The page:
Breath is a notably short stage work by Samuel Beckett. An altered version was first included in Kenneth Tynan's revue Oh! Calcutta!, at the Eden Theatre in New York City on June 16, 1969. The UK premiere was at the Close Theatre Club in Glasgow in October 1969; this was the first performance of the text as written. The second performance, and the English premiere, was at a benefit held at the Oxford Playhouse on March 8, 1970. “The first accurate publication appeared in Gambit 4.16 (1969): 5–9, with a manuscript facsimile.”
Act Without Words I is a short play by Samuel Beckett. It is a mime, Beckett's first. Like many of Beckett's works, the play was originally written in French, being translated into English by Beckett himself. It was written in 1956 following a request from the dancer Deryk Mendel and first performed on 3 April 1957 at the Royal Court Theatre in London. On that occasion it followed a performance of Endgame. The original music to accompany the performance was written by composer John S. Beckett, Samuel's cousin, who would later collaborate with him on the radio play Words and Music.
Play is a one-act play by Samuel Beckett. It was written between 1962 and 1963 and first produced in German as Spiel on 14 June 1963 at the Ulmer Theatre in Ulm-Donau, Germany, directed by Deryk Mendel, with Nancy Illig (W1), Sigfrid Pfeiffer (W2) and Gerhard Winter (M). The first performance in English was on 7 April 1964 at the Old Vic in London. It was not well-received upon its British premiere.
Ohio Impromptu is a "playlet" by Samuel Beckett.
Krapp's Last Tape is a one-act play, in English, by Samuel Beckett. With a cast of one man, it was written for Northern Irish actor Patrick Magee and first titled "Magee monologue". It was inspired by Beckett's experience of listening to Magee reading extracts from Molloy and From an Abandoned Work on the BBC Third Programme in December 1957.
Rough for Theatre II is a short play by Samuel Beckett. “Although this discarded piece of theatre is dated ‘circa 1960’ in End and Odds, a manuscript from two years earlier exists in Trinity College, Dublin, Library. This situates a first version, written in French [as Fragment de théâtre II] and different from that eventually published in 1976 as between the English plays Krapp's Last Tape and Embers.” It is rarely produced.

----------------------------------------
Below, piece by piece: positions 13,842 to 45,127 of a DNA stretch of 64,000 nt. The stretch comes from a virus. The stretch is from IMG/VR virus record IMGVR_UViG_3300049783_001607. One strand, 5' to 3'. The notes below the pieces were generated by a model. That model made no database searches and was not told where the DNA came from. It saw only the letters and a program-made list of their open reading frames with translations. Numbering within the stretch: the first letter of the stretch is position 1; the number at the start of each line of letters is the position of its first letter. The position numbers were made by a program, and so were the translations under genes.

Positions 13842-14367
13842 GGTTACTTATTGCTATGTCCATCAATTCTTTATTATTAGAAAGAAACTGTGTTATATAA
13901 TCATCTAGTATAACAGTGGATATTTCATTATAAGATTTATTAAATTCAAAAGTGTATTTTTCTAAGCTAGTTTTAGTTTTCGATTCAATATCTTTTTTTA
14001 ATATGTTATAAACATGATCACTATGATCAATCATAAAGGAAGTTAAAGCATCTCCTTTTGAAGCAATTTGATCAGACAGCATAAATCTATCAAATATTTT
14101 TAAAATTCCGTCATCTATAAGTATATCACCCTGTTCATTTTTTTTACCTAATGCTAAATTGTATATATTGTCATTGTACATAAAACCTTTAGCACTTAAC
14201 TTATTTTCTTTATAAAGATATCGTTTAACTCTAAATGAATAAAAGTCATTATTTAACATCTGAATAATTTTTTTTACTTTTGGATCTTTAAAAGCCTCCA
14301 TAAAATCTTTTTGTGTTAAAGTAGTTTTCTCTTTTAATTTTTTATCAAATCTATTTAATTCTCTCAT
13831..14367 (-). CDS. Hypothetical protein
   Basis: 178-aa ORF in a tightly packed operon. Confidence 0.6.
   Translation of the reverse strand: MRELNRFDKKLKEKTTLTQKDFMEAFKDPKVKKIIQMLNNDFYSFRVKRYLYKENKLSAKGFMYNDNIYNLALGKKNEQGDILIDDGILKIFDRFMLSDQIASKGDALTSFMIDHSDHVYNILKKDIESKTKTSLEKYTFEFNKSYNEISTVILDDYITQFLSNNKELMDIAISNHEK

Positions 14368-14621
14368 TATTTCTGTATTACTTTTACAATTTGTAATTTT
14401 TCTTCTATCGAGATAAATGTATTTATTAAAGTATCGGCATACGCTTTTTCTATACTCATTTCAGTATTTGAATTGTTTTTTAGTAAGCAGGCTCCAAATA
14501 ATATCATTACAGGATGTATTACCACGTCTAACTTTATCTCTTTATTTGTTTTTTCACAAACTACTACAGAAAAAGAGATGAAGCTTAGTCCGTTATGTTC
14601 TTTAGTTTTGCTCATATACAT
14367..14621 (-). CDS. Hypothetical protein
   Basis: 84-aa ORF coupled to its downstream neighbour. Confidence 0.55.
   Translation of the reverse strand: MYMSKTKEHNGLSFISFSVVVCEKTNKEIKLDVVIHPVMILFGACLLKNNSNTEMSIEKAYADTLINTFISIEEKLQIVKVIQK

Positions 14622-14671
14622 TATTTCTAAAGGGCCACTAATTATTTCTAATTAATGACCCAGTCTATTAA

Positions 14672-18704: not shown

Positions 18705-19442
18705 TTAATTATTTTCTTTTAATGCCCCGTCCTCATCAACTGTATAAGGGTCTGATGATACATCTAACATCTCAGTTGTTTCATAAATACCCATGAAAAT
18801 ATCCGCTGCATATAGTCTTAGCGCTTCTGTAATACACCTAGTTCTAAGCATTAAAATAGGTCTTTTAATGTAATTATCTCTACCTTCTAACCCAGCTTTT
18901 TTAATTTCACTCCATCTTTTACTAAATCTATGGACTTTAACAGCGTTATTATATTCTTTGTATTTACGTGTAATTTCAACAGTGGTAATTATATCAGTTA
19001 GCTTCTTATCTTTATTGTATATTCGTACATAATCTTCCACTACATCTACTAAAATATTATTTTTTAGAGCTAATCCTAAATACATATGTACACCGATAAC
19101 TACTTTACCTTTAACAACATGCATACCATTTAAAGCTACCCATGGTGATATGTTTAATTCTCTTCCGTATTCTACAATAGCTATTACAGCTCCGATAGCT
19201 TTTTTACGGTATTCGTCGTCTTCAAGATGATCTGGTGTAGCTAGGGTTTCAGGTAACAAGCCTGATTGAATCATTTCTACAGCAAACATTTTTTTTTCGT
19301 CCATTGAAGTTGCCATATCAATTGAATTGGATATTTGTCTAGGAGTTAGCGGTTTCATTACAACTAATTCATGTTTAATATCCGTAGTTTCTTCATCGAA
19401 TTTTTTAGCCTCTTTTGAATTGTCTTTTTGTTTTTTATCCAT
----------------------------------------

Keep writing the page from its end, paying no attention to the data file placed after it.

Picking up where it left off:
How It Is is a novel by Samuel Beckett first published in French as Comment c'est by Les Editions de Minuit in 1961. The Grove Press published Beckett's English translation in 1964. An advance text of his English translation of the third part appeared in the 1962 issue of the Australian literary journal, Arna.
What Where is Samuel Beckett's last play produced following a request for a new work for the 1983 Autumn Festival in Graz, Austria. It was written between February and March 1983 initially in French as Quoi où and translated by Beckett himself.
Rockaby is a short one-woman play by Samuel Beckett. It was written in English in 1980, at the request of Daniel Labeille, who produced it on behalf of Programs in the Arts, State University of New York, for a festival and symposium in commemoration of Beckett's 75th birthday. The play premiered on April 8, 1981 at the State University of New York at Buffalo, starring Billie Whitelaw and directed by Alan Schneider. A documentary film, Rockaby, by D. A. Pennebaker and Chris Hegedus records the rehearsal process and the first performance. This production went on to be performed at the Annex at La MaMa Experimental Theatre Club, and, in December 1982, at the Cottesloe, Royal National Theatre, London.